Like Kickstarter, But For Tee Shirts: New Platforms Allow Designers to Launch Tee Shirt Brands Without Risk

Front and rear portrait of a man wearing a white t-shirt

People love tee shirts, like, really love tee shirts. It’s estimated that about two billion tee shirts are sold every year; that 91% of Americans claim to have a favorite tee shirt; and that 62% of people claim to own more than 10 tee shirts.

So it should come as no surprise that people also really like to make their own tee shirts — for profit, for marketing purposes, for special events, for whatever really. Screen printing, the art of using woven mesh and ink blocks to neatly and easily transmit images on to fabric, allows them to do this. The only trouble is that anyone who wants to design a tee shirt first needs to make sure that there are people out there who want to buy it. Without a demand, they’re going to have to eat the rest of their investment.

This is where ideas like 13th and Mars, or Teespring come in. These two new businesses are like Kickstarter, but for tee shirts, allowing freelance graphic designers, small businesses, or anyone with an idea to design and create a tee shirt without first needing to worry about how many they need to make and sell before breaking even.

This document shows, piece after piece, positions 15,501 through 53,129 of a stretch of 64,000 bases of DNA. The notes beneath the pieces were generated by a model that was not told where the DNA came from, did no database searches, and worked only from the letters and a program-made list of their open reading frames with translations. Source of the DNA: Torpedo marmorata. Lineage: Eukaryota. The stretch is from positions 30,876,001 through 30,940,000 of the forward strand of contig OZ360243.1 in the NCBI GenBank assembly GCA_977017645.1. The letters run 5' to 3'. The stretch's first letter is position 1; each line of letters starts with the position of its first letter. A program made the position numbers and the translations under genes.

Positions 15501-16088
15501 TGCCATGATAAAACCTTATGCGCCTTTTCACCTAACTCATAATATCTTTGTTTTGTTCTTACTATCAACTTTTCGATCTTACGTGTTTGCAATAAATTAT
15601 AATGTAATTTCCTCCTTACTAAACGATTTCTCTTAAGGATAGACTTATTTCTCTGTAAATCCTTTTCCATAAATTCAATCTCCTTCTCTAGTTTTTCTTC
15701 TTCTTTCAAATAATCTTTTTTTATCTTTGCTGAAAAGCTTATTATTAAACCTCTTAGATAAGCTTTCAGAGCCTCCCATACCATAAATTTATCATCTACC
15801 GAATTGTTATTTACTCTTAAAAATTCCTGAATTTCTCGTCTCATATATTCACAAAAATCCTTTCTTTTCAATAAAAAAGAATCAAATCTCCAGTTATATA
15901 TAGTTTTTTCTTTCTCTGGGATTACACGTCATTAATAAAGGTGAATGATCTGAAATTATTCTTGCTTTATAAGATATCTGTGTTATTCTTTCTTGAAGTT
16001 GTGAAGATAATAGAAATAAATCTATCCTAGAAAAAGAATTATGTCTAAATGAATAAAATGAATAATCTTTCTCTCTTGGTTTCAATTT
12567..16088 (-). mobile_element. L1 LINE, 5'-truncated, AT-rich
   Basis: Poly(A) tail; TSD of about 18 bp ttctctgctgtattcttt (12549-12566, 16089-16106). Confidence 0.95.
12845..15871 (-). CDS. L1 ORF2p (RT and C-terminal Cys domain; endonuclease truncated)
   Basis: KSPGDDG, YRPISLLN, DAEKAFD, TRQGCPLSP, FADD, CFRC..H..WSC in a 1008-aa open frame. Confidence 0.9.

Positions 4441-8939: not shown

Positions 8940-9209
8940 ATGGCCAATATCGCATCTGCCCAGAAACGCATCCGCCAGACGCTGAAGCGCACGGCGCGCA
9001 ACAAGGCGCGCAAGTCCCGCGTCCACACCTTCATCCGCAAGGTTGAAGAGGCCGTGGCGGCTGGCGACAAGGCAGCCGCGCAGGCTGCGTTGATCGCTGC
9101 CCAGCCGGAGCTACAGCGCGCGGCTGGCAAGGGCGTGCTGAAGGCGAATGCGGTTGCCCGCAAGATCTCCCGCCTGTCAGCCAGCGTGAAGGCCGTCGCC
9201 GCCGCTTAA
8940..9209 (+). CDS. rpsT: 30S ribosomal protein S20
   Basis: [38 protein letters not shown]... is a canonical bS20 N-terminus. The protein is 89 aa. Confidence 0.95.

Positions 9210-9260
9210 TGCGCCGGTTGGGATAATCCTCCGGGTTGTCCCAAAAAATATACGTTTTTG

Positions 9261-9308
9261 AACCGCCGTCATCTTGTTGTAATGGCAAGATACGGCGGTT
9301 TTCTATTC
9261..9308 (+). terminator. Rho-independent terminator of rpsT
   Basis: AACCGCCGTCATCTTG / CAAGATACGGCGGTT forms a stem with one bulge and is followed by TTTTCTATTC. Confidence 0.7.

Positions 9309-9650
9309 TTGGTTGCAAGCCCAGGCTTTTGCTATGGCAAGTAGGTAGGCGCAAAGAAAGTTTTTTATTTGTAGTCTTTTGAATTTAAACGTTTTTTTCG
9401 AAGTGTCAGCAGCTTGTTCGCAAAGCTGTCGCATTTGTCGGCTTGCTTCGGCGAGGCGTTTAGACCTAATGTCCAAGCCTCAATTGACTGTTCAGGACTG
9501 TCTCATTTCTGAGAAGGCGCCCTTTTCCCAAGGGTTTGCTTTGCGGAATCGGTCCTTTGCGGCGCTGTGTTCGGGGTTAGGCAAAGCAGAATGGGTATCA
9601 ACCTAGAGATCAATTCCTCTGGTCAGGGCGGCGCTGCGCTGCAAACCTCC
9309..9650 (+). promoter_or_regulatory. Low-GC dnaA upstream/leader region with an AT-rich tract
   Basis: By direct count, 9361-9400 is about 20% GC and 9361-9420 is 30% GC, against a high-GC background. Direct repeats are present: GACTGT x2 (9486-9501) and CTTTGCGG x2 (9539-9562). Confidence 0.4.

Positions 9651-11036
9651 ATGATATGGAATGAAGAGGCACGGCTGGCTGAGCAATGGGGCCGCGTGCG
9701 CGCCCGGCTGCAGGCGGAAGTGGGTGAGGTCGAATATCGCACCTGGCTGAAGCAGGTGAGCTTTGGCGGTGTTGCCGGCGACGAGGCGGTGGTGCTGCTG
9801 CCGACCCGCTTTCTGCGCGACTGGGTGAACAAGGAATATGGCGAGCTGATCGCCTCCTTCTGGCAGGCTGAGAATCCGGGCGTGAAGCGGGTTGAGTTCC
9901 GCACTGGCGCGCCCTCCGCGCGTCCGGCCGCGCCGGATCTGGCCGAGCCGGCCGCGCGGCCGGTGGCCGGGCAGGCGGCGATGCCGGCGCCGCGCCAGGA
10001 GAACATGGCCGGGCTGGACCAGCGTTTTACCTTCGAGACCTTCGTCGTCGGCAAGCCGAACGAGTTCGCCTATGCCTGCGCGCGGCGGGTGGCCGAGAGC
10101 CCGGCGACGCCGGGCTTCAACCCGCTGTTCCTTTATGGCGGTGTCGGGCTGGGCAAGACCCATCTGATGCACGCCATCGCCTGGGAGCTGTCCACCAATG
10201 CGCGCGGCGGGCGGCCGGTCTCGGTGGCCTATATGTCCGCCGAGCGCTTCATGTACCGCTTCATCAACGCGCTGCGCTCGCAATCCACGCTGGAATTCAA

Located on the corner of 13th and Marstellar streets and so named for its location, 13th and Mars is an offshoot of Queensboro, its sister company specializing in embroidered apparel.

“We help our users raise money without having to take on any investment — sort of like Kickstarter but for T-shirts,” explained Sarah Newton, Co-Vice President/Mission Commander of 13th and Mars. “It’s great for sports teams, special events, nonprofit groups, artists, bands. You design the shirt and promote the project, and we take care of the rest.”

While 13th and Mars is perfectly suited to consumers looking to make shirts in small batches, Teespring is there for the entrepreneur, the solopreneur, the freelance graphic designer, or really anyone. Raking in about $55 million from two rounds of fund-raising, Teespring allows anyone to outsource the production costs of selling their own brand of custom designed tee shirts.

As of November, 2014, Teespring had sold more than six million shirts through its users, hundreds of whom make upwards of $100,000 from their custom designed tee shirts alone. According to the company, 10 users have even become millionaires.

“This isn’t about tee shirts, it’s not about crowd-funding, it’s about the concept that bringing something to market should be as easy as the idea,” cofounder and CEO Walker Williams told Forbes. “All we need is the visionaries with the ideas.”

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